Important Changes To Casual Employment Laws
The key changes are:
- Introduces a definition of a ‘casual employee’ for the purposes of the National Employment Standards (NES);
- Protects employers from ‘double-dipping’ by casual employees who claim an entitlement to annual leave and other entitlements of permanent employment despite having received a casual loading;
- Provide casual employees with the right to convert to permanent employment in certain circumstances; and
- Requires employers to give a casual employee a copy of the ‘Casual Employment Information Statement’ available from the Fair Work Ombudsman.
Definition of a ‘casual employee’
A ‘casual employee’ is an employee who accepts an offer of employment on the basis that there is no firm advance commitment to continuing and indefinite work according to an agreed pattern of work (our emphasis).
To determine whether, at the time the offer was made, there was ‘no firm advance commitment’ only the following factors can be considered:
- whether the employer can elect to offer work and whether the person can elect to accept or reject the work;
- whether the person will work as required according to the needs of the employer;
- whether the employment is described as casual employment; and
- whether the person will be entitled to a casual loading or a specific rate of pay for casual employees under the terms of the offer or fair work instrument.
Importantly, the amendments clarify that:
- a regular pattern of hours does not of itself indicate a firm advance commitment to continuing and indefinite work according to an agreed pattern of work; and
- the question of whether a person is a casual employee is to be assessed on the basis of the offer of employment and the acceptance of that offer, not on the basis of any subsequent conduct by either party; and
- a person who commences as a result of acceptance of an offer of employment as set out above, remains a casual employee until the employee’s employment is converted to full-time or part-time employment or the employee is offered and accepts an alternative offer of employment.
Protection against double-dipping claims by a casual employee
The amendments provide protection to employers against ‘double-dipping’ by employees and former employees who were engaged as casuals and paid as casuals, but later claim an entitlement to annual leave and other permanent employment benefits.
The amendments do this by allowing a claim by an employee to be reduced by an amount equal to the casual loading amount paid by the employer.
Right to casual conversion
The amendments require employers (other than small business employers) to make an offer to convert a casual employee to full-time or part-time employment if the employee:
- has been employed for at least 12 months; and
- during at least the last 6 months of that period, the employee has worked a regular pattern of hours on an ongoing basis which, without significant adjustment, could continue to be worked as a full-time or part-time employee (as the case may be).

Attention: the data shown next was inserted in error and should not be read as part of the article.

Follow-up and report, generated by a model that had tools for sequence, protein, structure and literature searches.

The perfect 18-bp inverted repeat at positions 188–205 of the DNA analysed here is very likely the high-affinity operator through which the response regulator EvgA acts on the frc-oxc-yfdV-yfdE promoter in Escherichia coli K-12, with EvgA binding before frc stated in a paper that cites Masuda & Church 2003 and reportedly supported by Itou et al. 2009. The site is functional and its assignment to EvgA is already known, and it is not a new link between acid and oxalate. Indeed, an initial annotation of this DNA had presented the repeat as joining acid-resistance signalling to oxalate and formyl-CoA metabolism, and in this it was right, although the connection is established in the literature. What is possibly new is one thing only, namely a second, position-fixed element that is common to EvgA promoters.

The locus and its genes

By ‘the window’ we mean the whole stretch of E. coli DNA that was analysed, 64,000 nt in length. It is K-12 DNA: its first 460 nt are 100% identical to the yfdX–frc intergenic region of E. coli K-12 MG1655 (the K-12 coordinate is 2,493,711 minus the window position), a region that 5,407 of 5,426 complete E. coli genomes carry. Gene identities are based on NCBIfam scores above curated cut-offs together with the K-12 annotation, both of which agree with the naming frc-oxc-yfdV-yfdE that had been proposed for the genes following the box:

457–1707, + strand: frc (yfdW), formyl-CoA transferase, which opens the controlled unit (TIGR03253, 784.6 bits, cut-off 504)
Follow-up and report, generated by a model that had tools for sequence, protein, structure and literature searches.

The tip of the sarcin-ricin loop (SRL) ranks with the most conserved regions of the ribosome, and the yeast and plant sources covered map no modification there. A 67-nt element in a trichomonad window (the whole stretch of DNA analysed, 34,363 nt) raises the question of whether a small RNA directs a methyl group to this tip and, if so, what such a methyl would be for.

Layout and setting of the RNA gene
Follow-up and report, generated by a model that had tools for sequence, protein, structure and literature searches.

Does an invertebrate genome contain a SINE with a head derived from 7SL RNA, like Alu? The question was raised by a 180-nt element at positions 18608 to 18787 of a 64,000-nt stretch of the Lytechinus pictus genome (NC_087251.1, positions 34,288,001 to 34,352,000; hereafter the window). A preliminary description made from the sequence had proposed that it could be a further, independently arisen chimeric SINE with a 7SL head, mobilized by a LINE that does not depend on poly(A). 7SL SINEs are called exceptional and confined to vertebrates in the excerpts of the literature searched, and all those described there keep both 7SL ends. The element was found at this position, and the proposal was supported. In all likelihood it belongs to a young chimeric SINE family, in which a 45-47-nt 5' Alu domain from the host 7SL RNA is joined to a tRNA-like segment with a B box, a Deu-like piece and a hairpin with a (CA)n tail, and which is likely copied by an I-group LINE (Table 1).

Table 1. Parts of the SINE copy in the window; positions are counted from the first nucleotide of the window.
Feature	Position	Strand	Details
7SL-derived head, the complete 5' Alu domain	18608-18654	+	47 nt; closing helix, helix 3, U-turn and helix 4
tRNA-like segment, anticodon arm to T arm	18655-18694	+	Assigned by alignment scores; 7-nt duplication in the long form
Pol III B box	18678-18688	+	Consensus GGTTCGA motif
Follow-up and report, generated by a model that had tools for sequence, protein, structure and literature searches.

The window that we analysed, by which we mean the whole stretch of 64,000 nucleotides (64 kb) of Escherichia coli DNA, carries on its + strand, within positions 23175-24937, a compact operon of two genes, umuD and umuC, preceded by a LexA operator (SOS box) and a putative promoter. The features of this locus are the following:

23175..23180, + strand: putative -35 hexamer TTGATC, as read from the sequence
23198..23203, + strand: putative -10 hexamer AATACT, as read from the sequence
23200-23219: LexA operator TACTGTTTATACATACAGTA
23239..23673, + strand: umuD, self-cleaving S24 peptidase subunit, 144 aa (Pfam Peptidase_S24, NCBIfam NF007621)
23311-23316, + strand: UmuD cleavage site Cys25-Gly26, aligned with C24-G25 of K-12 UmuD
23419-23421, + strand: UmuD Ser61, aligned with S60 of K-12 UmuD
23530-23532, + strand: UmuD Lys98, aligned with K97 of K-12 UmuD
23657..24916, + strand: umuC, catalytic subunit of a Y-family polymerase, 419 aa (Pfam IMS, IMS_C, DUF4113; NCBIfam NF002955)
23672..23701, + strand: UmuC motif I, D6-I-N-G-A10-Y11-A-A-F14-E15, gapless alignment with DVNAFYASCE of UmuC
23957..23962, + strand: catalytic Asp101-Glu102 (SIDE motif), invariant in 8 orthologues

The exception is where:
- there are reasonable grounds for the employer not to make the offer; and
- the reasonable grounds are based on facts that are known, or reasonably foreseeable, at the time of deciding not to make the offer.
The offer to convert must be in writing from the employer and given to the employee within 21 days after the end of the 12-month period.
Employers have a 6-month transition period (transition period) to make offers of conversion to all casual employees who started their employment before the start of the amendments, unless the employer has reasonable grounds not to.
A casual employee will also have a ‘residual right to request casual conversion’ if the employee has been employed for at least 12 months and has not refused an employer offer of casual conversion within the previous 6 months.
Casual Employment Information Statement
An employer must give each new casual employee the Casual Employment Information Statement (Statement) before, or as soon as practicable after, the employee starts employment as a casual employee.
An employer must give each casual employee who started their employment before the commencement of the amendments (i.e. prior to 27 March 2021) the Statement as soon as practicable after the end of the transition period. An employer can choose to give the Statement at an earlier time.
The Statement is available from the Fair Work Ombudsman website (https://www.fairwork.gov.au/employee-entitlements/national-employment-standards/casual-employment-information-statement). (Note that new casual employees must also be given the Fair Work Information Statement.)
If you have any queries regarding the above update, please contact Workplace Legal on 03 9972 4950